If FICA taxes were withheld in error from pay that is not subject to these taxes, contact the employer who withheld the taxes for a refund. If you are unable to get a full refund of the amount from your employer, file a claim for refund with the Internal Revenue Service on Form 843, Claim for Refund and Request for Abatement.

Need Help Claiming a FICA Tax Refund? We Can Help!


Additional Resources:

1 Employer’s Tax Guide: https://www.irs.gov/publications/p15

2 Additional Medicare Tax: https://s3.amazonaws.com/public-inspection.federalregister.gov/2013-28411.pdf

3 IRS, International Taxpayers, Foreign Student Liability for Social Security and Medicare Taxes: https://www.irs.gov/individuals/international-taxpayers/foreign-student-liability-for-social-security-and-medicare-taxes

4 USCIS, Student and Exchange Visitor Program, Practical Training: https://www.ice.gov/sevis/practical-training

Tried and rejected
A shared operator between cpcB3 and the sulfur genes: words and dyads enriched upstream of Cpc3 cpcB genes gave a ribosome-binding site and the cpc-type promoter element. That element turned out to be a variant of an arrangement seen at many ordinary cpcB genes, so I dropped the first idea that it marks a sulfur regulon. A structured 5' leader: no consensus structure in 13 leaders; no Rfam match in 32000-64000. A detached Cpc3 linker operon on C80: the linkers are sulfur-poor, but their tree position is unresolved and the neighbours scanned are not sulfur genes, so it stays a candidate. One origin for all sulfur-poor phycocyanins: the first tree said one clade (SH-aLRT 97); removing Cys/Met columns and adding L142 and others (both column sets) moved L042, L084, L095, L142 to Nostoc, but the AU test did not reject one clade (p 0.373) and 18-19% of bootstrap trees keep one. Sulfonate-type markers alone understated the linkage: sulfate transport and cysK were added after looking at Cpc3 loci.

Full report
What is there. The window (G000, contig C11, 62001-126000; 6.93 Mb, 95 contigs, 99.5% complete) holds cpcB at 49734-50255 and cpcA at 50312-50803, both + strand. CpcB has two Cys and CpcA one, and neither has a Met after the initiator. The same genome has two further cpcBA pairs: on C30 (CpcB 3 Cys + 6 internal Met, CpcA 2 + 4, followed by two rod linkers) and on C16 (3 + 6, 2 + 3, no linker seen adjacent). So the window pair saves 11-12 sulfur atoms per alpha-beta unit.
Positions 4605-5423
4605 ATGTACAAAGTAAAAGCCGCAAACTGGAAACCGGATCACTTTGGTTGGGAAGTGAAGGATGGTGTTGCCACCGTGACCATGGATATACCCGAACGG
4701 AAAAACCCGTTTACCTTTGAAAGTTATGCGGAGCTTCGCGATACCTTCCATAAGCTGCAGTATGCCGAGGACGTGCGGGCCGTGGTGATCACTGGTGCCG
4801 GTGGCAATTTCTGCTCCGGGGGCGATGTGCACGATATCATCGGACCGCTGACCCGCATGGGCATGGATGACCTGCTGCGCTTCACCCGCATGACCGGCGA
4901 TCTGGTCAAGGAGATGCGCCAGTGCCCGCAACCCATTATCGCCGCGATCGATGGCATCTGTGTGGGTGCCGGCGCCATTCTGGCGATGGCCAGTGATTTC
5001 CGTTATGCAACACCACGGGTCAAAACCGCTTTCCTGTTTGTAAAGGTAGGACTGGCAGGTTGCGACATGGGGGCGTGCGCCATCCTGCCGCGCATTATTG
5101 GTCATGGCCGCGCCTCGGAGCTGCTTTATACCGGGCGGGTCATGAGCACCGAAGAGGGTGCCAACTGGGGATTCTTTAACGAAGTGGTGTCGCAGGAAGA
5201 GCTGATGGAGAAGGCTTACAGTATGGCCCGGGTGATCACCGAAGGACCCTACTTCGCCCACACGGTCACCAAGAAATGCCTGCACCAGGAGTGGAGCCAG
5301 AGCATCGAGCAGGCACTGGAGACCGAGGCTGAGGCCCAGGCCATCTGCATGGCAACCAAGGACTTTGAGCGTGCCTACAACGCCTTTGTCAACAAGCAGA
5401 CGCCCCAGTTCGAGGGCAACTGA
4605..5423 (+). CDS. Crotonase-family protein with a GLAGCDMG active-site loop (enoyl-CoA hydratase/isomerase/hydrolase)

5 Totalization Agreements: https://www.irs.gov/individuals/international-taxpayers/totalization-agreements

6 IRS, Refund of Tax Withheld in Error: https://www.irs.gov/individuals/international-taxpayers/social-security-tax-medicare-tax-and-self-employment

7 Form 843, Claim for Refund and Request for Abatement: https://www.irs.gov/forms-pubs/about-form-843-claim-for-refund-and-request-for-abatement

8 Form 8316, Information Regarding Request for Refund of Social Security Tax Erroneously Withheld on Wages Received by a Nonresident Alien on an F, J, or M Type Visa: https://www.irs.gov/pub/irs-pdf/f8316.pdf

9 Where to file my IRS returns: https://www.irs.gov/filing/where-to-file-tax-returns-addresses-listed-by-return-type